A friend of mine was involved in negotiating a future for the Evanston
station. He was working on the project from Michigan, and so was not
directly involved in the local politics of the thing, but his impression
was that the demolition -- or rather the decision of the visitor's
center not to pursue reuse of the building -- was indeed
politically-motivated. That's life.
HPists of today seem eager to be perceived as economic developers.
Before that, they wanted to be environmentalists, and before that
community developers (my personal favorite). No longer a "cult of
antiquarians", thankgod, the ideology of the profession seems to
endlessly shift/diversify. What we really need, I think, are politicians
who aren't just paying lip service to a specific HP issue that may pay off
in the next election. But preservationists in politics. Is this thread
back to Ken for Pres? I've been a bad girl, and so haven't a chance.
On Thu, 1 Oct 1998, Ken Follett wrote:
> In a message dated 10/1/98 2:53:40 PM Eastern Daylight Time, [log in to unmask]
> > Here's the part that bothers me the most. "The Evanston visitor's
> > bureau decided that it did not have the resources" to take over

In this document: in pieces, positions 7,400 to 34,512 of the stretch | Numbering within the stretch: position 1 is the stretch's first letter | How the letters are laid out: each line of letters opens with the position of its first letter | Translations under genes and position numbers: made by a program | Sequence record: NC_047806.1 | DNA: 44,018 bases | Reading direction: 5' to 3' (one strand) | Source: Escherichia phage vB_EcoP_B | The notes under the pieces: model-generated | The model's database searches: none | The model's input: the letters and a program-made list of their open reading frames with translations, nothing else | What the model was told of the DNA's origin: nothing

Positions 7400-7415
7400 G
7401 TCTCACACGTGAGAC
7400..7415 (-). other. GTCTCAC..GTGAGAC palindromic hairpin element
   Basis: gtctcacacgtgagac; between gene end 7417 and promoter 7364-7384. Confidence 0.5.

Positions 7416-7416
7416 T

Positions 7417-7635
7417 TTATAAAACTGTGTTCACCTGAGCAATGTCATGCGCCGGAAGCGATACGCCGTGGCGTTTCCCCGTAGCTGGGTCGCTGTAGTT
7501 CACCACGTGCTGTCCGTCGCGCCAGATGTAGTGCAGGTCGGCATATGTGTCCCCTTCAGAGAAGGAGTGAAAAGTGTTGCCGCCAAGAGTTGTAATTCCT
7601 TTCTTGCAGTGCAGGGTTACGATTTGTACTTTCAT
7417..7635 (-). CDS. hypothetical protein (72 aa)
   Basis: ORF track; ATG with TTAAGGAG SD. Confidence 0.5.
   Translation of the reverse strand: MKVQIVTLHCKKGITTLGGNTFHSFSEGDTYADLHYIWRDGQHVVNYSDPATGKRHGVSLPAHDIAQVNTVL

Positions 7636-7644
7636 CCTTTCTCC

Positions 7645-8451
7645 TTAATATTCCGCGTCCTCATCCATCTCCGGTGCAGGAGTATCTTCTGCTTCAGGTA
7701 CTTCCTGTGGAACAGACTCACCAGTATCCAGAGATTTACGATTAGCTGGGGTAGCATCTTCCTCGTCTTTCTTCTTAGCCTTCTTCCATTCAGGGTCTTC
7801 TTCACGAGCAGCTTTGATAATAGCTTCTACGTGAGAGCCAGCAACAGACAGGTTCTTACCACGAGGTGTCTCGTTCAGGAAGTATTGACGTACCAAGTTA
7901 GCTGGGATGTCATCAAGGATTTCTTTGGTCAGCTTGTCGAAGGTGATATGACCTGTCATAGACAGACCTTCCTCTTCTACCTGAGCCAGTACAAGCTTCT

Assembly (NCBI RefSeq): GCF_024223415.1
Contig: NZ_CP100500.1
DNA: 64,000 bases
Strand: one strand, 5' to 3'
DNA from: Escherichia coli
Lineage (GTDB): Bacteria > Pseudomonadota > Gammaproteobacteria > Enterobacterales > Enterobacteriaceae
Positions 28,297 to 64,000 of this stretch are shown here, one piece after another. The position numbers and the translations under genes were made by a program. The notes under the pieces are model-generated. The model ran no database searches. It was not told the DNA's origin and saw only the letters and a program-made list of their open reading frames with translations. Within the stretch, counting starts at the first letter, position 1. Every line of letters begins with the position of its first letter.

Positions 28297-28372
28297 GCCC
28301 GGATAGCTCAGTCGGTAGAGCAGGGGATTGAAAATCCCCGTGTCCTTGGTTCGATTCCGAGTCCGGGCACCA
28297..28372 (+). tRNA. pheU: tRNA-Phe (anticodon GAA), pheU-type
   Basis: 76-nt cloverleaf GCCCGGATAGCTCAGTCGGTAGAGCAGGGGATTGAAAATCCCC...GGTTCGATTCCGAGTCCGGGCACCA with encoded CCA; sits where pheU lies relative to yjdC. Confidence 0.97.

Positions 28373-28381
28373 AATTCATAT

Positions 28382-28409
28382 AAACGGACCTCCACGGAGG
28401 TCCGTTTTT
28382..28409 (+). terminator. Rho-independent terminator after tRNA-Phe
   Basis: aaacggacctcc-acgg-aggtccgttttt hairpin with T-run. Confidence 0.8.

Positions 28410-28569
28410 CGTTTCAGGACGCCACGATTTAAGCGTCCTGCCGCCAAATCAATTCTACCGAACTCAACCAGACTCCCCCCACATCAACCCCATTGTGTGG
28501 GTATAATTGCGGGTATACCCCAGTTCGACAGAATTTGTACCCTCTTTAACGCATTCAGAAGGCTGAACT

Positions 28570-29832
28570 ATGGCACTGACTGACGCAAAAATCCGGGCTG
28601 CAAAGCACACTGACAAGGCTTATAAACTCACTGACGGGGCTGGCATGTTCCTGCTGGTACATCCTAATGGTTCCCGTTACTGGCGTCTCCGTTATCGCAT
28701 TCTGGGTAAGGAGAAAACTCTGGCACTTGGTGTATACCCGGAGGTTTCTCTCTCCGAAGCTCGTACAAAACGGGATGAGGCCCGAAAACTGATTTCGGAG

> > the building, at the news site, as a visitor's center.
> > "'It would be something we would consider down the road, maybe in
> > two years.'" (quotes from Sun-Times, quoting the bureau's
> > exec.dir.) Two little and two late.
> So for two years they could not wait? Is this a reflection of the short terms
> & short term thinking of politicians? This may be taken as a snide comment but
> I am serious in asking, is the exec. dir in this case Republican or Democrat?
> I'm wondering if there is a corollary between progressive developers and
> political affiliation. If there is a predominance of Republicans that like to
> tear down old buildings then should we be considering that a downturn in
> Democrats in congress would have a negative impact on HP? Considering the
> problems the Dems are having with Clinton I'm concerned about the long-term
> impact on the preservation industry. Who in government works the most to cut
> the NPS budget for building maintenance? With the New Amsterdam Theater &
> Disney deal in NYC there was a lull, a deep bulf of press silence, in the
> switch from Cuomo (Democrat) to Pataki (Republican) for governor. I think
> there were some people with deep pockets holding their breath to see which way
> the Pataki administration would turn. I think redevelopment of 42nd Street &
> jobs won out and that consideration of HP was a minor consideration.
Maura Johnson, Field Services Coordinator
Ohio Historic Preservation Office
BGSU, Jerome Library, 5th Floor
Bowling Green, OH 43403
Phone: 419-372-6935 Fax: 419-372-0155